As part of my research on Paul Edwin Zimmer, whose Dark Border was my favorite book as a teenager before encountering The Chronicles of Thomas Covenant, I've been tracking down all his published writings. Much of this isn't easy, Decades have lapsed since much of it last saw print, but Amazon is brilliant for finding out-of-the-way short stories collections and novels. This entry, though, is about the miracles of interlibrary loan.
Zimmer's first published solo prose work was a chapbook called Woman of the Elfmounds (1979). After an unusual several week delay, the U of A library got it for me just the other day, and I quickly saw what took so long. Basically, they had to import it from Canada -- the University of Alberta, to be precise).
Well, Elfmounds was published by Triskell Press in a series edited by the Canadian paragon of urban fantasy, Charles de Lint. According to the front matter, Woman was actually Triskell's first book in that series. Nice little volume, actually, with Celtic illustrations -- the story tells of a culture class between culture clash between barbaric man and highly civilized elves, the Tuatha Dé Danann or elves of Irish folklore, although they're never named as such in the text. The Tolkien influence is strong; one of the Elves references sailing off to the lands of the "Ever-Living," and it's worth noting that the group of writers associated with Zimmer, the Greyhaven writers that included Zimmer's sister Marion Zimmer Bradley, named their communal house Greyhaven in honor of Tolkien. The Tolkien-esque theme of mortality and immortality also plays a significant role in this chapbook, not to mention his other writings. Woman ends with a powerful image of a semi-delusional men chasing an image of his own death.
Also interesting in this Triskell Press chapbook is its introduction by Evangeline Walton -- perhaps more noteworthy in showing Walton's friendship with Zimmer (she also did a blurb for The Dark Border) than anything she actually says, which like most intros by other authors is more courtesy than illuminating. Since the U of A actually has her papers -- like Barbara Kingsolver, Walton was a long-time Tucson resident -- I may have found another avenue for potential information on Zimmer and other Greyhaven writers. It might fulfil an idle day of library research, anyway.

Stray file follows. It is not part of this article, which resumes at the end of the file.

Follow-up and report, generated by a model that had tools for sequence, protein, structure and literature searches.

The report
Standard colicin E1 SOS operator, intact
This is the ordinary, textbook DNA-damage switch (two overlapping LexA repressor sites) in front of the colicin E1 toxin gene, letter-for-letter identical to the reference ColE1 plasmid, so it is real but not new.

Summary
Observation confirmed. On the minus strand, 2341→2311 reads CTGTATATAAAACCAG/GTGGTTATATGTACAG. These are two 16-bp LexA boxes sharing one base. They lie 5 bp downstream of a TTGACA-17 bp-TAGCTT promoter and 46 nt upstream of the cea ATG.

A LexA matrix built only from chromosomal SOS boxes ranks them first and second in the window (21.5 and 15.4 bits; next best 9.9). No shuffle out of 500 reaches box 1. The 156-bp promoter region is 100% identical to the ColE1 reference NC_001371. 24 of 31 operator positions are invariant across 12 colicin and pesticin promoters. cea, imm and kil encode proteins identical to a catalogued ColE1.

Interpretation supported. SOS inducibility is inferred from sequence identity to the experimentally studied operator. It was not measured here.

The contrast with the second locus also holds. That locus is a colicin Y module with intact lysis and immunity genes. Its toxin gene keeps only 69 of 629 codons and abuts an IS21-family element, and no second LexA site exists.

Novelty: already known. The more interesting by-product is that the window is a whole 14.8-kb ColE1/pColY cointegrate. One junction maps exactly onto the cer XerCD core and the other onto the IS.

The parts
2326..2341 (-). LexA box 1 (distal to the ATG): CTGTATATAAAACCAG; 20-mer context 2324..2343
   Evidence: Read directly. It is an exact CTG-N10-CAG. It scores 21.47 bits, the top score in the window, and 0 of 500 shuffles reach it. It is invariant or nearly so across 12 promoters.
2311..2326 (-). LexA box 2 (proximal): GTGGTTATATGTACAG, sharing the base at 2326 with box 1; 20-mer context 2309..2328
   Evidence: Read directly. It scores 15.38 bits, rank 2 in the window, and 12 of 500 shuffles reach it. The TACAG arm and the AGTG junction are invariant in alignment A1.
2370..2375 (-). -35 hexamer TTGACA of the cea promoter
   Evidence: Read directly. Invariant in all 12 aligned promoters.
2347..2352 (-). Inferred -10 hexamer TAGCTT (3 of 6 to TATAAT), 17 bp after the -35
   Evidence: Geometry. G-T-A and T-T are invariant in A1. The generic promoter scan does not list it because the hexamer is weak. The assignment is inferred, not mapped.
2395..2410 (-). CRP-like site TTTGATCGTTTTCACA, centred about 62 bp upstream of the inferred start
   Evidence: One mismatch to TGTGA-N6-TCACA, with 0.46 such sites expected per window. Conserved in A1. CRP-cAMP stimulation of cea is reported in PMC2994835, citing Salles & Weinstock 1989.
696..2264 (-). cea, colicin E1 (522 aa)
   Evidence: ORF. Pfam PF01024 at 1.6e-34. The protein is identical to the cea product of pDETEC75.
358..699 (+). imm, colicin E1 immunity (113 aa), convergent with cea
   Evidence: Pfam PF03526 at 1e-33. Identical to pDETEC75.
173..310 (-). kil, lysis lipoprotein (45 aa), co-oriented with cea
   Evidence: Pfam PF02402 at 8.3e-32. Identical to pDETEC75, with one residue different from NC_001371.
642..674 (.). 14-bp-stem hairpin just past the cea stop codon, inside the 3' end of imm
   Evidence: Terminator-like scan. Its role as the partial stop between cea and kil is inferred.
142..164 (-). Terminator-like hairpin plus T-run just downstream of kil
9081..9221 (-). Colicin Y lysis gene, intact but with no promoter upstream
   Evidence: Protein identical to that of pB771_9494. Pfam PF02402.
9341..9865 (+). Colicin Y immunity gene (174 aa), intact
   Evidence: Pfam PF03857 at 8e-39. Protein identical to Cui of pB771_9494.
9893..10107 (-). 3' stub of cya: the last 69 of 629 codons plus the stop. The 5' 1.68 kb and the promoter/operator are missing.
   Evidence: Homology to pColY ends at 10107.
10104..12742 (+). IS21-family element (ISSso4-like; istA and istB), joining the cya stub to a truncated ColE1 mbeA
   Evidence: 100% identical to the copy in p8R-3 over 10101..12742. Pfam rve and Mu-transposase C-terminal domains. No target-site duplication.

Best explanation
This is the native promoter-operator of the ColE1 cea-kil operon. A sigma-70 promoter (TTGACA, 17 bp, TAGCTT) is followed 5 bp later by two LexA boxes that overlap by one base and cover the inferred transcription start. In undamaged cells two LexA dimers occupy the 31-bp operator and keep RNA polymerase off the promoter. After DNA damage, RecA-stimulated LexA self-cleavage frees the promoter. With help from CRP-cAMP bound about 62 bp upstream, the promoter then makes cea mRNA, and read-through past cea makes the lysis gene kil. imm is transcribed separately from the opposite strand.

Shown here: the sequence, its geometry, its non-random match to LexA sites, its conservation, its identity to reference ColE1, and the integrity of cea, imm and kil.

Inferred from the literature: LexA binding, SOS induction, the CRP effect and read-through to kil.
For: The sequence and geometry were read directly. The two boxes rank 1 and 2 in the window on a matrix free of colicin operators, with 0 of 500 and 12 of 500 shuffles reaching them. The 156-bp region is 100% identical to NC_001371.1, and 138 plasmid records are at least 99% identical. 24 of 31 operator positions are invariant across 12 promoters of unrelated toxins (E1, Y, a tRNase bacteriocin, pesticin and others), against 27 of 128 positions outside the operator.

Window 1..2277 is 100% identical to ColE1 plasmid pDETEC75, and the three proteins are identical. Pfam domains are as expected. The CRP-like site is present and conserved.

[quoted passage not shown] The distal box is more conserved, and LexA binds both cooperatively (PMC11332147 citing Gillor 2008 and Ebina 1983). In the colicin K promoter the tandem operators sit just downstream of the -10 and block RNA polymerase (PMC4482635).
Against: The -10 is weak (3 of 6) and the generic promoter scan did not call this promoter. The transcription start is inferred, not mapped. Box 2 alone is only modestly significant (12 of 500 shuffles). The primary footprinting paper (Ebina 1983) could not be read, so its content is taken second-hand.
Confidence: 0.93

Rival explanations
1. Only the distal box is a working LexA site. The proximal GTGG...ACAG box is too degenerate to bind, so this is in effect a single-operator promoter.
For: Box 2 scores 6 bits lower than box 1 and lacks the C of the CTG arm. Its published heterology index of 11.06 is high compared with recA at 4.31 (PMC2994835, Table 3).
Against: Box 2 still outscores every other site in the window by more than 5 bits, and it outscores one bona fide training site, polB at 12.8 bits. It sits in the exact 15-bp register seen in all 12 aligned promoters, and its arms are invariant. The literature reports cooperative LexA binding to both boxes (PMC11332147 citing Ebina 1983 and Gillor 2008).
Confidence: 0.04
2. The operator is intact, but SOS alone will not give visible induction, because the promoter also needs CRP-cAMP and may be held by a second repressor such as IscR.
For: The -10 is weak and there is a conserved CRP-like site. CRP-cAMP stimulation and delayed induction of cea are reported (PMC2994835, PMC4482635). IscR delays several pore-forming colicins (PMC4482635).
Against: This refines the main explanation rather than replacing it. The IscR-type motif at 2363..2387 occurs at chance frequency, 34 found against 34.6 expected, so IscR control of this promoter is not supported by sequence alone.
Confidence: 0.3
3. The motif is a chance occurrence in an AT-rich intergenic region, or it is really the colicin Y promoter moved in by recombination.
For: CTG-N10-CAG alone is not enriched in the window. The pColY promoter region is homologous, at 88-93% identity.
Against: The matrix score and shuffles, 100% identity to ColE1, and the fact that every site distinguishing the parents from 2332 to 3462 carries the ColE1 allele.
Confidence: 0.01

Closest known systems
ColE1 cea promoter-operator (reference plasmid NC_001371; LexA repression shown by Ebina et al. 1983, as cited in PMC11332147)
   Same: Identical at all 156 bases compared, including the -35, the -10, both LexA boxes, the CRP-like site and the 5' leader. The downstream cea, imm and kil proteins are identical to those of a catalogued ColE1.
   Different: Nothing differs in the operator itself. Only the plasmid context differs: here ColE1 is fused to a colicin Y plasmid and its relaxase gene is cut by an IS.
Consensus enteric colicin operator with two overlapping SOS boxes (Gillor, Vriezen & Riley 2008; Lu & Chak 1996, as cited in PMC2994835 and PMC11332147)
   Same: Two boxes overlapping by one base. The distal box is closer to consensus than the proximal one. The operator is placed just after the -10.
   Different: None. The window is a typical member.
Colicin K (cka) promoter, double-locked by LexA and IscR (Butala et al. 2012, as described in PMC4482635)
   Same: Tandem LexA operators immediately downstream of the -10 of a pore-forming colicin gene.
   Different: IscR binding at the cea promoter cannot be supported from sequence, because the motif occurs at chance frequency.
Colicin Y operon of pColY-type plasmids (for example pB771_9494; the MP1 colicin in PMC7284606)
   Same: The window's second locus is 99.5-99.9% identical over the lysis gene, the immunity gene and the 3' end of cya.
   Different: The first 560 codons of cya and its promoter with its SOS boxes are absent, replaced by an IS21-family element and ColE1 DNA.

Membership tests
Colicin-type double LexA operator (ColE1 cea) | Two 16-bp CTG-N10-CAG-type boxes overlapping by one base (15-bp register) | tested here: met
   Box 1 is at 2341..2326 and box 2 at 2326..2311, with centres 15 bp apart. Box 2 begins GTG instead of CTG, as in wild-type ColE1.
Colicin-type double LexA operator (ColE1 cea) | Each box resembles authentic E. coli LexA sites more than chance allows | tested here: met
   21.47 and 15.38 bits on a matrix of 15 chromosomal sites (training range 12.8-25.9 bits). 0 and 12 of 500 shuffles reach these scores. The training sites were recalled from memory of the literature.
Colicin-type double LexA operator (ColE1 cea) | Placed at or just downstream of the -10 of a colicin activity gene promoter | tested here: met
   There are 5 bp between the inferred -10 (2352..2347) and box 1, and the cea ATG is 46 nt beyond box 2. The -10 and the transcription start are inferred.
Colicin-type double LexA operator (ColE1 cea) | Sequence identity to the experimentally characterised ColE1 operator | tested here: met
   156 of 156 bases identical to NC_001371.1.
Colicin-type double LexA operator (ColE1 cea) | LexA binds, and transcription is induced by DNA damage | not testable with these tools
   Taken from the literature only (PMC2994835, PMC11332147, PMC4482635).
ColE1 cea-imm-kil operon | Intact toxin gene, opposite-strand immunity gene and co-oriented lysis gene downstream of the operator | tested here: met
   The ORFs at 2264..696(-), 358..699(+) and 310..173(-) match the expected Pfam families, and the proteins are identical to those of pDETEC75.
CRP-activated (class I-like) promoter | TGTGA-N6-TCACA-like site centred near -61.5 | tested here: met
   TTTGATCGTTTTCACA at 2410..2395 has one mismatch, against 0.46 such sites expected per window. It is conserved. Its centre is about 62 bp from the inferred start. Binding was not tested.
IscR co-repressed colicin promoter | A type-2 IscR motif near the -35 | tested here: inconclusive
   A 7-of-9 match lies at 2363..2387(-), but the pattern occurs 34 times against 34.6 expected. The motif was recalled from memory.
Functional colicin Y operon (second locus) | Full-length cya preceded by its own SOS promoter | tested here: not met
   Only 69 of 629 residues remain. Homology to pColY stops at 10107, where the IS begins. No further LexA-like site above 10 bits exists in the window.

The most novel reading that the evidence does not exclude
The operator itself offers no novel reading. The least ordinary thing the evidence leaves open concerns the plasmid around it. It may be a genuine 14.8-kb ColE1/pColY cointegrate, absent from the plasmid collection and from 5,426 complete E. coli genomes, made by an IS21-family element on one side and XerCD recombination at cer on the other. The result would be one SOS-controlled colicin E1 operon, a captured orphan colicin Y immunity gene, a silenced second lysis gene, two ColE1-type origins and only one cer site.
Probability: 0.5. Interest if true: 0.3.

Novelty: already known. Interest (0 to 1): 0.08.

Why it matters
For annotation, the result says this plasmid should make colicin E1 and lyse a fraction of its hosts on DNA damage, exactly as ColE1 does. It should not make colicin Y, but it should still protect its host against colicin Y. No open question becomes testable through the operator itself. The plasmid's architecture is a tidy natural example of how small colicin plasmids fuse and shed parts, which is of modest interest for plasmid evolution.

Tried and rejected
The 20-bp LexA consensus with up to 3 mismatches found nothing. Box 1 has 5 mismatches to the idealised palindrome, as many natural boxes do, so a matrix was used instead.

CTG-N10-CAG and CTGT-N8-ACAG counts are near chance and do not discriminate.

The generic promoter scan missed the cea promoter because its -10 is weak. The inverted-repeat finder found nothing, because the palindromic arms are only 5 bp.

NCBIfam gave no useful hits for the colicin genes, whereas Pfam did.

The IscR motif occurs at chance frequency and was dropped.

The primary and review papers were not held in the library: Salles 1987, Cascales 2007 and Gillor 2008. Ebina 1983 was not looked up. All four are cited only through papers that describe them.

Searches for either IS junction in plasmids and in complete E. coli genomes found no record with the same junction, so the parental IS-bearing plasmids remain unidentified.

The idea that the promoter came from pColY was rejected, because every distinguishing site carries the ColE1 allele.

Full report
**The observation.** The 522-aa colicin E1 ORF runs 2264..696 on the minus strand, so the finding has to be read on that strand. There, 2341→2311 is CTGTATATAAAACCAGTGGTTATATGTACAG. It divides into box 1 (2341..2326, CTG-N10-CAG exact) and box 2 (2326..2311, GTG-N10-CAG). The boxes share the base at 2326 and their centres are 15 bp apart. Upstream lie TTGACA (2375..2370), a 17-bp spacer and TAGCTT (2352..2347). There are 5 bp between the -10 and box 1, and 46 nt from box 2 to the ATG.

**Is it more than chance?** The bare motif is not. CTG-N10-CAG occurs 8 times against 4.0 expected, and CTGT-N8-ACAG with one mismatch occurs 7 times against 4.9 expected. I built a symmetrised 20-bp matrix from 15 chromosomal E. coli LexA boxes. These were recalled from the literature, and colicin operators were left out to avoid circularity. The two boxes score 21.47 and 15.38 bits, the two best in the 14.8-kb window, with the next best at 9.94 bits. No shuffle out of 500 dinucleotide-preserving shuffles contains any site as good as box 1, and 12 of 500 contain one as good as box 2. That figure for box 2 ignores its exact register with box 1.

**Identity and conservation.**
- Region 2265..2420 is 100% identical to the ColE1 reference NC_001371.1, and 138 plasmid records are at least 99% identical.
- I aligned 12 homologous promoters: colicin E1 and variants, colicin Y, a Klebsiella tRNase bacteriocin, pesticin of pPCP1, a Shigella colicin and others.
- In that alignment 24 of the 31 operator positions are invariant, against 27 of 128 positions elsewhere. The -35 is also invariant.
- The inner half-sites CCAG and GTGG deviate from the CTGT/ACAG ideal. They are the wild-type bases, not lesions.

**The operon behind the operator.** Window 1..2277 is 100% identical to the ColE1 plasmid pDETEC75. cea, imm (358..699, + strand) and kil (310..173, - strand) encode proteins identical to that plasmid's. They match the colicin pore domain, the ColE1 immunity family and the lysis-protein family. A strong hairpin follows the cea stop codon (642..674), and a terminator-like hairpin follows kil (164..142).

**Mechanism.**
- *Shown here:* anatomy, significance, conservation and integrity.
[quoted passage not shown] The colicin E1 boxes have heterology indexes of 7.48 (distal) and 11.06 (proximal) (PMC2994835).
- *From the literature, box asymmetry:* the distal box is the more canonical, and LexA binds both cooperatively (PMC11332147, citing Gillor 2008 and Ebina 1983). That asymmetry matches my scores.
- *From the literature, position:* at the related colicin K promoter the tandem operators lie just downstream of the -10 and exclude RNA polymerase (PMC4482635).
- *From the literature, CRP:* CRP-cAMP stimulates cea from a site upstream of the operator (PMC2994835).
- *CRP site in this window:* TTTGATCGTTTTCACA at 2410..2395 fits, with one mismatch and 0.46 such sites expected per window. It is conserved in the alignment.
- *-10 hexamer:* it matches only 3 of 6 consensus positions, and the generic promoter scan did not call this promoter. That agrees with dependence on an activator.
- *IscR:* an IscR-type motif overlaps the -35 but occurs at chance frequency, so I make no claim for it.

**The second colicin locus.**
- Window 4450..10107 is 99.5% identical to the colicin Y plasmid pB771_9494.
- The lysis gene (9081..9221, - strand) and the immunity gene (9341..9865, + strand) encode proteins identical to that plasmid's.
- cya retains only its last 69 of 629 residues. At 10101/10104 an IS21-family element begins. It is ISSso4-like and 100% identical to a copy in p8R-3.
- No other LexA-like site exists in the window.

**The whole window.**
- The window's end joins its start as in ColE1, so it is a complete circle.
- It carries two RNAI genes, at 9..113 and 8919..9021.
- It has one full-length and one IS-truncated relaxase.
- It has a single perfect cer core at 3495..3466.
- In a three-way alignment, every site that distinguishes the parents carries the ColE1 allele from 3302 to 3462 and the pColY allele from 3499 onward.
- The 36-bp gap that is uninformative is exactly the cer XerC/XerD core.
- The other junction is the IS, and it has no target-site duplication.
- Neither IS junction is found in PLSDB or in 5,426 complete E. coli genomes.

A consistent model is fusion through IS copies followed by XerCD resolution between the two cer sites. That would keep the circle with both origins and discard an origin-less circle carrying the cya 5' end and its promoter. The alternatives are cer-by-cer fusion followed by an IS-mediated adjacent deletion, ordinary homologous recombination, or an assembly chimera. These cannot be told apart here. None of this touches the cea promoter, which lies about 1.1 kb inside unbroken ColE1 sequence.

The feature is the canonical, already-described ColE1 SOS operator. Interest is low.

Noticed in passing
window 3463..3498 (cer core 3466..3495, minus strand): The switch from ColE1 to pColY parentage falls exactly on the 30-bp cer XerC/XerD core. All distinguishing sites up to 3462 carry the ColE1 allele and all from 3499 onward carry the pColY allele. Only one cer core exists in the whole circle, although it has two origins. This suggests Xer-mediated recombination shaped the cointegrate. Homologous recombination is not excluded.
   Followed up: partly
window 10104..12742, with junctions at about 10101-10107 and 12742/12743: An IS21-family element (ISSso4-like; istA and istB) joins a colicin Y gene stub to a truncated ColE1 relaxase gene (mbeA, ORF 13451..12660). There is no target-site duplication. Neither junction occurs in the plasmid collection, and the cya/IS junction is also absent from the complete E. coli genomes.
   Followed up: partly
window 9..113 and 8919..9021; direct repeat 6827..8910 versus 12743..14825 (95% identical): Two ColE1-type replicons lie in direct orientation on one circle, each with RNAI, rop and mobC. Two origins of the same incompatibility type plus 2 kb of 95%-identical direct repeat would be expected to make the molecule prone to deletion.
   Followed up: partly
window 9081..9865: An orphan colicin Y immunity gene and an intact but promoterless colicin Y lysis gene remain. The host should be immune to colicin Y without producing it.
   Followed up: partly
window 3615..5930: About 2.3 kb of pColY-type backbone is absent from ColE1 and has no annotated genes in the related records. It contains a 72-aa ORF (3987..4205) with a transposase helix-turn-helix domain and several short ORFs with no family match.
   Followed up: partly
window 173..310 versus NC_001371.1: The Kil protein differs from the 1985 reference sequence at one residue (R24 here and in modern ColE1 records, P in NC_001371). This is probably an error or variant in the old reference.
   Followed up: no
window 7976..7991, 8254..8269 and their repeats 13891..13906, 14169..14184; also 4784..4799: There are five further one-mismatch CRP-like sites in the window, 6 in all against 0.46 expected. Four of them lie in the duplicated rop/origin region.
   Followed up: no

But back to Zimmer.
Eighteen years after the Woman of the Elfmounds chapook, Zimmer revised it for publication in Elf Magic, a 1997 collection of stories edited by Martin H. Greenburg. I'd originally thought, before reading the Triskell version, that this later revision belonged to the Dark Border corpus -- the hero's name, Conn Mac Cathla, has a similar structure to names in A Gathering of Heroes. The Triskell version, however, convinced me otherwise. While the name is suggestive, the Elves in both Woman of the Elfmounds stories lack the same qualities as his Dark Border Elves -- no references to "elf-shock" and so forth, although the elves' special antagonism with wolves remains.
Zimmer's revisions are themselves focused only on style and length. Remaining the same is the plot and the special inventions (names, items, spellings) remain exactly the same.
For the most part, I actually like the prose better in the original version, but the revised version generally had well-chosen deletions. Some of those excisions may have been been editorial demands by Greenburg for Zimmer to meet a maximum wordcount, and some were usual -- for example, Zimmer removed all but one reference to "Druids," and I'm not sure why. More importantly, though, Zimmer excised the section concerning the Elves' motivation in meeting Conn Mac Cathla, creating more uncertainty about the Elves and giving greater credence to the claims by Conn's tribe about them -- just enough, in fact, that the reader shares Conn's hesitation as he's caught between two worlds, heightening the tragedy of the ending.